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County expanding records center
Officiails say archive is at capacity
records center 2
The addition is being added to the west side of the records center, which was originally built as the Hinesville Police Office. - photo by Photo by Denise Etheridge
The Liberty County Records Center is getting 6,000 square feet of elbow room. County officials say the 11,000-square-foot-center is at storage capacity. The expansion, paid for with SPLOST dollars, was approved by voters on the last SPLOST referendum.
“It’s needed,” said Bob Sprinkel, Liberty County assistant administrator. “It’s been needed for a while.”
County records must be stored at a certain climate and temperature in order to be properly maintained, Sprinkel said. The county keeps both hard copies and puts its records on micro-fish, he added.
“We keep our records at a minimum of 68 degrees Fahrenheit or lower,” said Kim Brown, Records Center manager. “The humidity level has to be around 40-47 percent. These are the standards for this center, but we try to keep the temperature a little cooler (than 68 degrees) because our humidity is so high.”
“We keep records for many of the agencies within the county,”  Sprinkel said. “Having a centralized storage facility in my opinion saves the taxpayer a lot of money.”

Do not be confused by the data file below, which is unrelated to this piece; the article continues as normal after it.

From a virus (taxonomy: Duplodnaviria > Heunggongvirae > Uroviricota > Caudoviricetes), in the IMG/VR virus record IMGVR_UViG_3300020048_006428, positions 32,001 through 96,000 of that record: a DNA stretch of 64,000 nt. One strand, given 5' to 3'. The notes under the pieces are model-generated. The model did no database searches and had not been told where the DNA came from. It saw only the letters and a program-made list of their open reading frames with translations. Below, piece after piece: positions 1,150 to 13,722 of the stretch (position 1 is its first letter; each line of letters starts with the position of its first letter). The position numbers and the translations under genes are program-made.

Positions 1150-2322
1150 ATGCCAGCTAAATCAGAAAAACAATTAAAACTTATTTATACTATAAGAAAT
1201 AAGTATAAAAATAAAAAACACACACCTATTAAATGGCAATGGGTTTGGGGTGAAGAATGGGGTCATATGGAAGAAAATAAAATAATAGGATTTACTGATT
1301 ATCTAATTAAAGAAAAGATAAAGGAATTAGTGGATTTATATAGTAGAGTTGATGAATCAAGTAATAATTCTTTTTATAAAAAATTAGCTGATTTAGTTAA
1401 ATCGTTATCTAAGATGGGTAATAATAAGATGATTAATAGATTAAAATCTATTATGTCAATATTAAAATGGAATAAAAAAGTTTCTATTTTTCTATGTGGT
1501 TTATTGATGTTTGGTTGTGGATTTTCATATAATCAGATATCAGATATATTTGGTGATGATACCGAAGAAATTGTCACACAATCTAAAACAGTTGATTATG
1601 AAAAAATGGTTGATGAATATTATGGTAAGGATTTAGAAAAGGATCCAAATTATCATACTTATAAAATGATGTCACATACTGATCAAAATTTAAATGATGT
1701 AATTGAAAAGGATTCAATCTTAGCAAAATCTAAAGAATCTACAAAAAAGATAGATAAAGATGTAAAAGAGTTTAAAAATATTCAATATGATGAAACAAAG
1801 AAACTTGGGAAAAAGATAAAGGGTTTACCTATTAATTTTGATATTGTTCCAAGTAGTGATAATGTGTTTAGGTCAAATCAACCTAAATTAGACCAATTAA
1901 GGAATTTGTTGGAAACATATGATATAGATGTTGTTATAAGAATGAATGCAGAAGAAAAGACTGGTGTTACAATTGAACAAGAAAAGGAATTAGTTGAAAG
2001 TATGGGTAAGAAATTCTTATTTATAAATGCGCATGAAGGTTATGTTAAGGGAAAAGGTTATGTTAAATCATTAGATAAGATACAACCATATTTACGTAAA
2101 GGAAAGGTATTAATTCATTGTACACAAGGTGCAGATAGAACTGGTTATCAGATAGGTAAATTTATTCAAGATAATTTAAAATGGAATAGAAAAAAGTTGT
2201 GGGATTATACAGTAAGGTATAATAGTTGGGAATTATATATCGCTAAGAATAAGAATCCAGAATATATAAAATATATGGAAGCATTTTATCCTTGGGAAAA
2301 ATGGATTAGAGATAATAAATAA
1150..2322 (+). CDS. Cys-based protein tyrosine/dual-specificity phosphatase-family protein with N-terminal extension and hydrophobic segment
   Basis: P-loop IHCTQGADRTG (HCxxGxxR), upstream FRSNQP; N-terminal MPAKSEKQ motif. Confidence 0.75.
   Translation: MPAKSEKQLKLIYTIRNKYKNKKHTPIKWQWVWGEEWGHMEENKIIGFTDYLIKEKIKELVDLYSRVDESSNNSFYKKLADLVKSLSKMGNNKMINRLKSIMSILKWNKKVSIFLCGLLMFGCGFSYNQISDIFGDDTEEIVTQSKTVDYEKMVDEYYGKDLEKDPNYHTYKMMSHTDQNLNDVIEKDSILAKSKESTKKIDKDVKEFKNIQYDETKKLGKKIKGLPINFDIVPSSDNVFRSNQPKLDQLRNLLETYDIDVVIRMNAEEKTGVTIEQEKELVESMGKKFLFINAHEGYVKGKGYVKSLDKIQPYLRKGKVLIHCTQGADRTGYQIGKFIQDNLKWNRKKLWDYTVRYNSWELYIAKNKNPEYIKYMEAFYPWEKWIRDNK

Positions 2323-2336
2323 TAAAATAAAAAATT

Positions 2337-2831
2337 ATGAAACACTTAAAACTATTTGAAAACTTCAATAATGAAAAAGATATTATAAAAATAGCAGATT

It would cost more to have multiple records facilities for each governmental entity, he said.
Agencies that store records at the center include Liberty Regional Medical Center, the Liberty County Board of Education, the city of Hinesville, the clerk of courts, the Liberty County Sheriff’s Office, magistrate and probate courts, the criminal and child support departments of the district attorney’s office and the Liberty County Commission.
Records can be kept from three years to 20 years, “or indefinitely,” according to  Sprinkel.
“Some records are kept forever,” he said.
When county records are destroyed they’re taken to Interstate Paper to be properly disposed of and recycled.
“We don’t burn our documents when they’re destroyed,” Brown said. “Interstate Paper adds liquid (to the documents) and ‘melts’ them down.”
Recycling is one way the county can keep costs down,  Sprinkel said.
 He estimated the project’s cost somewhere between $625,000-645,000. Initially, $1.2 million of SPLOST funds were set aside for the project which was bid below $700,000.
“We’ll be putting a raised roof on the building also,” he said.
In addition to a new roof, new air conditioning units and fireproof steel doors will be installed. Tippins-Polk Construction in Statesboro was contracted by the county in August to make the renovations. Construction began about three weeks ago.
“The contractor was given 270 days to complete the project, but he told us it shouldn’t take that long,” Brown said. “We hope to be in the new building in the spring.”
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